A large portion of this treatise on New England is devoted to an argument to induce the English to found a permanent colony there, of which Smith shows that he would be the proper leader. The main staple for the present would be fish, and he shows how Holland has become powerful by her fisheries and the training of hardy sailors. The fishery would support a colony until it had obtained a good foothold, and control of these fisheries would bring more profit to England than any other occupation. There are other reasons than gain that should induce in England the large ambition of founding a great state, reasons of religion and humanity, erecting towns, peopling countries, informing the ignorant, reforming things unjust, teaching virtue, finding employment for the idle, and giving to the mother country a kingdom to attend her. But he does not expect the English to indulge in such noble ambitions unless he can show a profit in them.

"I have not [he says] been so ill bred but I have tasted of plenty and pleasure, as well as want and misery; nor doth a necessity yet, nor occasion of discontent, force me to these endeavors; nor am I ignorant that small thank I shall have for my pains; or that many would have the world imagine them to be of great judgment, that can but blemish these my designs, by their witty objections and detractions; yet (I hope) my reasons and my deeds will so prevail with some, that I shall not want employment in these affairs to make the most blind see his own senselessness and incredulity; hoping that gain will make them affect that which religion, charity and the common good cannot.... For I am not so simple to think that ever any other motive than wealth will ever erect there a Commonwealth; or draw company from their ease and humours at home, to stay in New England to effect any purpose."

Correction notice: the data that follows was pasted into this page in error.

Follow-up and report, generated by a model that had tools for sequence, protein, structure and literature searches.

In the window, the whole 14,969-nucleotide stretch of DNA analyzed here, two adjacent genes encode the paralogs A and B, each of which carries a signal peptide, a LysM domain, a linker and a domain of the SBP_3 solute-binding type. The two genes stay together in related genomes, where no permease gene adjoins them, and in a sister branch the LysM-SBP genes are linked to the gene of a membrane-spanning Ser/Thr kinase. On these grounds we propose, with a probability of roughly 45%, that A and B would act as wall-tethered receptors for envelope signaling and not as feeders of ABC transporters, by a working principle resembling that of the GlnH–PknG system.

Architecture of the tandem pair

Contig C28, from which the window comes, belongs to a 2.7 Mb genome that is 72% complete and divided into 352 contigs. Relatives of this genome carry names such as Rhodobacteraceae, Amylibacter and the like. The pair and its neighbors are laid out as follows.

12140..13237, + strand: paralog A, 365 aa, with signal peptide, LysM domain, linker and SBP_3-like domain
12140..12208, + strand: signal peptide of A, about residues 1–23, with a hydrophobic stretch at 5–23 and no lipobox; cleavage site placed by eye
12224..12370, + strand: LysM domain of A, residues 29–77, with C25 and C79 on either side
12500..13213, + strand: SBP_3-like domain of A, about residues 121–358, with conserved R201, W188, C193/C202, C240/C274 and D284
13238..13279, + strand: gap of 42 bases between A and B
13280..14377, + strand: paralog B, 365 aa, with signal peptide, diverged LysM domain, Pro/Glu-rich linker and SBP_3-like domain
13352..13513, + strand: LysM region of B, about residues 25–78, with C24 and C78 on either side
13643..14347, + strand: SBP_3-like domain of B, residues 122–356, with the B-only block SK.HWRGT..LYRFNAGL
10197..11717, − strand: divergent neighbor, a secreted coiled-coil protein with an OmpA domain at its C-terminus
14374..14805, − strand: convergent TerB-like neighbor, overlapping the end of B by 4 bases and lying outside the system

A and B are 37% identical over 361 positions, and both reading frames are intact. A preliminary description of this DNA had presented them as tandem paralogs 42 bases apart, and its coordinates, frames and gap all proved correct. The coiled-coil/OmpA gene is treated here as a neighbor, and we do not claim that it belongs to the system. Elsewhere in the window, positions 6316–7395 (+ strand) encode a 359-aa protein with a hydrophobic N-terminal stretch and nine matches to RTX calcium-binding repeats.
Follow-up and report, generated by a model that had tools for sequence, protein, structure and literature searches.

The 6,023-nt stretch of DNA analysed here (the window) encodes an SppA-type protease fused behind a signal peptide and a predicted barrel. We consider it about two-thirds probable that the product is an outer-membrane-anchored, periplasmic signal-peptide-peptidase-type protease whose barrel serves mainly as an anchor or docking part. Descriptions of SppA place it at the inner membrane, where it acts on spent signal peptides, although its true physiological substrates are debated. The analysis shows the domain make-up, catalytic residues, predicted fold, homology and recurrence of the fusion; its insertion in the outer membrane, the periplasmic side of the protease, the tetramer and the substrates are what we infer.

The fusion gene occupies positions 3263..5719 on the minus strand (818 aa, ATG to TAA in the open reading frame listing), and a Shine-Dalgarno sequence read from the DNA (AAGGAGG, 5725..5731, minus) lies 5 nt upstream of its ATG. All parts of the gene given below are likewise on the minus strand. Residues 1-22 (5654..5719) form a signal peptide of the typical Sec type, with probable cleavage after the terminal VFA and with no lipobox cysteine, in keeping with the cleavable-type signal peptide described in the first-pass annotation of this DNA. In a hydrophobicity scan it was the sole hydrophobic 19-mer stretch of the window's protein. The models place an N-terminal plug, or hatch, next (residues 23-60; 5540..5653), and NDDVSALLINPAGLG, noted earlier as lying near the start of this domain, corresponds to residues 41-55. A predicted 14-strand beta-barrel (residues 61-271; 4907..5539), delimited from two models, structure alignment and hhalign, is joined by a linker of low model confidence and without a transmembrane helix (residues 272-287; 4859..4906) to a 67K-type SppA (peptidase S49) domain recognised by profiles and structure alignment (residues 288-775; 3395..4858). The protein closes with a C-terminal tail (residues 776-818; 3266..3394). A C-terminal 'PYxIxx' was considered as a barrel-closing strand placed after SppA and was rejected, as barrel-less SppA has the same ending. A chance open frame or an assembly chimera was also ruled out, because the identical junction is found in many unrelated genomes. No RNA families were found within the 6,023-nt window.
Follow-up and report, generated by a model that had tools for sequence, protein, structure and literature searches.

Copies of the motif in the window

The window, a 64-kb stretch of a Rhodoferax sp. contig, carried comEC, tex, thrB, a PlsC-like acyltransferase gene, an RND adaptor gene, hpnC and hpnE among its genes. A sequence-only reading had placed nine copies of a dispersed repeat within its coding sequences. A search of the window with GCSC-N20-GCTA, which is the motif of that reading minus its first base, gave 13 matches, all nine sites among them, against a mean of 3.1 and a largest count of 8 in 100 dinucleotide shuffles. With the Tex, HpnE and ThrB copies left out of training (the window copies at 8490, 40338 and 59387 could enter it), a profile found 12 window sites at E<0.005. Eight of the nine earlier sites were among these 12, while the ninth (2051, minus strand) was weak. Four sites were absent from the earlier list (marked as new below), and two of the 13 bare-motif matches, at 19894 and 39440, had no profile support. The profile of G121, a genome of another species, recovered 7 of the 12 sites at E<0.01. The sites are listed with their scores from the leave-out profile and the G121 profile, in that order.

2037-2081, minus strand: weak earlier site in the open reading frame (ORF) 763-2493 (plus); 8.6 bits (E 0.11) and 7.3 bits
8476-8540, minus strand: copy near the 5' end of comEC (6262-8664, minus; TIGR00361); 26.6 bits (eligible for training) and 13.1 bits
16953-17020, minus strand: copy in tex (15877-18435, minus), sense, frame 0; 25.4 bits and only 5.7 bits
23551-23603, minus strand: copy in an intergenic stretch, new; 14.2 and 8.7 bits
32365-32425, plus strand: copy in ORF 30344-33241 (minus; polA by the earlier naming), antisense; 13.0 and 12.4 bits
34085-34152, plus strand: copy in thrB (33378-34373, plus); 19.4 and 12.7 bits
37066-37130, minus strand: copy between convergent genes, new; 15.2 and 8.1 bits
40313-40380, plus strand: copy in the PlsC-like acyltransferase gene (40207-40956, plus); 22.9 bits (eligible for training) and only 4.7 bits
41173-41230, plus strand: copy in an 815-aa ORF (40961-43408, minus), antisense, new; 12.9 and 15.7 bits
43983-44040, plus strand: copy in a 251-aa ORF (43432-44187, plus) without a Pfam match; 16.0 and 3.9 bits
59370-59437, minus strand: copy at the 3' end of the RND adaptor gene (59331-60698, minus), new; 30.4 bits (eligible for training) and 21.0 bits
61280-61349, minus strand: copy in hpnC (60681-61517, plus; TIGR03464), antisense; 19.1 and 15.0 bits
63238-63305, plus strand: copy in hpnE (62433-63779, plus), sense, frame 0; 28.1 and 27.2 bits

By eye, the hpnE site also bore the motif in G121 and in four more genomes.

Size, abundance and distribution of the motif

But lest the toils of the new settlement should affright his readers, our author draws an idyllic picture of the simple pleasures which nature and liberty afford here freely, but which cost so dearly in England. Those who seek vain pleasure in England take more pains to enjoy it than they would spend in New England to gain wealth, and yet have not half such sweet content. What pleasure can be more, he exclaims, when men are tired of planting vines and fruits and ordering gardens, orchards and building to their mind, than "to recreate themselves before their owne doore, in their owne boates upon the Sea, where man, woman and child, with a small hooke and line, by angling, may take divers sorts of excellent fish at their pleasures? And is it not pretty sport, to pull up two pence, six pence, and twelve pence as fast as you can hale and veere a line?... And what sport doth yield more pleasing content, and less hurt or charge than angling with a hooke, and crossing the sweet ayre from Isle to Isle, over the silent streams of a calme Sea? wherein the most curious may finde pleasure, profit and content."

Smith made a most attractive picture of the fertility of the soil and the fruitfulness of the country. Nothing was too trivial to be mentioned. "There are certain red berries called Alkermes which is worth ten shillings a pound, but of these hath been sold for thirty or forty shillings the pound, may yearly be gathered a good quantity." John Josselyn, who was much of the time in New England from 1638 to 1671 and saw more marvels there than anybody else ever imagined, says, "I have sought for this berry he speaks of, as a man should for a needle in a bottle of hay, but could never light upon it; unless that kind of Solomon's seal called by the English treacle-berry should be it."